Song to check out: “drivers license” was the best song of the year, but “good 4 u” also rules with its more aggressive we broke up and now I’m sad tribute to Paramore.
2. Snail Mail “Valentine”
Song to check out: There are so many songs I could recommend here but I’ll go with an underrated favorite “c. Et Al.” It’s a sorrowful acoustic dirge where Lindsey Jordan is barely able to get out the words from the resentfulness that hangs in her voice.
Porter Robinson “Nurture”
Song to check out: I chose “Look at the Sky” as one of my favorites from this year, so I’ll also recommend “Mother” which is blossoming with so much sweetness that it overcomes all corniness. Here Robinson’s mother comes to him and reassures him that though it will be difficult she will be there for him. Year 2 of our pandemic-ed world has compounded exhaustion. Porter Robinson has been some dark places and “Nurture” is here to do just that for the listener. It spends time in those places, acknowledging all the difficulties, but offers words of synth-pop comfort that continually hit me right in my soul.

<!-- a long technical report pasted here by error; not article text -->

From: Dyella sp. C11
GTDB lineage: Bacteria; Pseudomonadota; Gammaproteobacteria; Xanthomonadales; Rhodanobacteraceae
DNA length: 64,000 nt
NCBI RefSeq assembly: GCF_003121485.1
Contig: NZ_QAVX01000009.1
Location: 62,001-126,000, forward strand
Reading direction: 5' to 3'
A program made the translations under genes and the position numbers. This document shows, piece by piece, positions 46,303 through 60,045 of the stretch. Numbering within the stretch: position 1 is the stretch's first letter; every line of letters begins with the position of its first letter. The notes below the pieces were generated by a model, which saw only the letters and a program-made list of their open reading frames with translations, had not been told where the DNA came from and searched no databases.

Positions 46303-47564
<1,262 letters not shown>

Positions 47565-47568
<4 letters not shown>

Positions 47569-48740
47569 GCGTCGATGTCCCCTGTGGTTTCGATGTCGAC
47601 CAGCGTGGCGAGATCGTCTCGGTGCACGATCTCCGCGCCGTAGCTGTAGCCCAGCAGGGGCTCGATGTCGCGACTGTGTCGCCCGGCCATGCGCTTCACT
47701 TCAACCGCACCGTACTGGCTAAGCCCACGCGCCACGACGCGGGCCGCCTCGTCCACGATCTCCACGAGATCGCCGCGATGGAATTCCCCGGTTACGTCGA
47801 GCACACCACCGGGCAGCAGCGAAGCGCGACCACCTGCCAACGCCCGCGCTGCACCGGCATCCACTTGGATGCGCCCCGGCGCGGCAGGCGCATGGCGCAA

Honorable mentions: Boldy James & Real Bad Man “Real Bad Boldy”; Irreversible Entanglements “Open the Gates”; Indigo de Souza “Any Shape You Take”; Big Jade “Pressure”; boylife “gelato”; Big Ghost LTD & Conway the Machine “If it Bleeds it Can Be Killed”; Katy Kirby “Cool Dry Place”
Some TV shows I wasn’t able to complete that could have made this list: Station Eleven; Pen15; The Other Two; Black Lady Sketch Show; AP Bio
10. The Next Thing You Eat (S1, Hulu)
A food show that seemed to quietly come and go especially compared to David Chang’s other work. I think it may be his best show yet, asking important questions about our future, sustainability, and current processes of bringing food to the table.
9. Sex Education (S3, Netflix)
Sex Education continues to find moments of sweetness within its edgy and grossly comedic storylines.
8. Never Have I Ever (s2, Netflix)
Season two expanded on a charming first season of navigating love, loss, and parents in life as a teenager.
7. Rutherford Falls (s1, Peacock)
Sierra Teller Ornelas and Michael Schur’s comedy about a town coming to reckon with its past atrocities against a fictional Indigenous people may not hit every beat, but it created a world full of likable characters who need to learn from their past. It forced reckoning where needed, while also walking gracefully and showcasing characters (and writers) who have essentially never been on television before.
6. Reservation Dogs (s1, Hulu)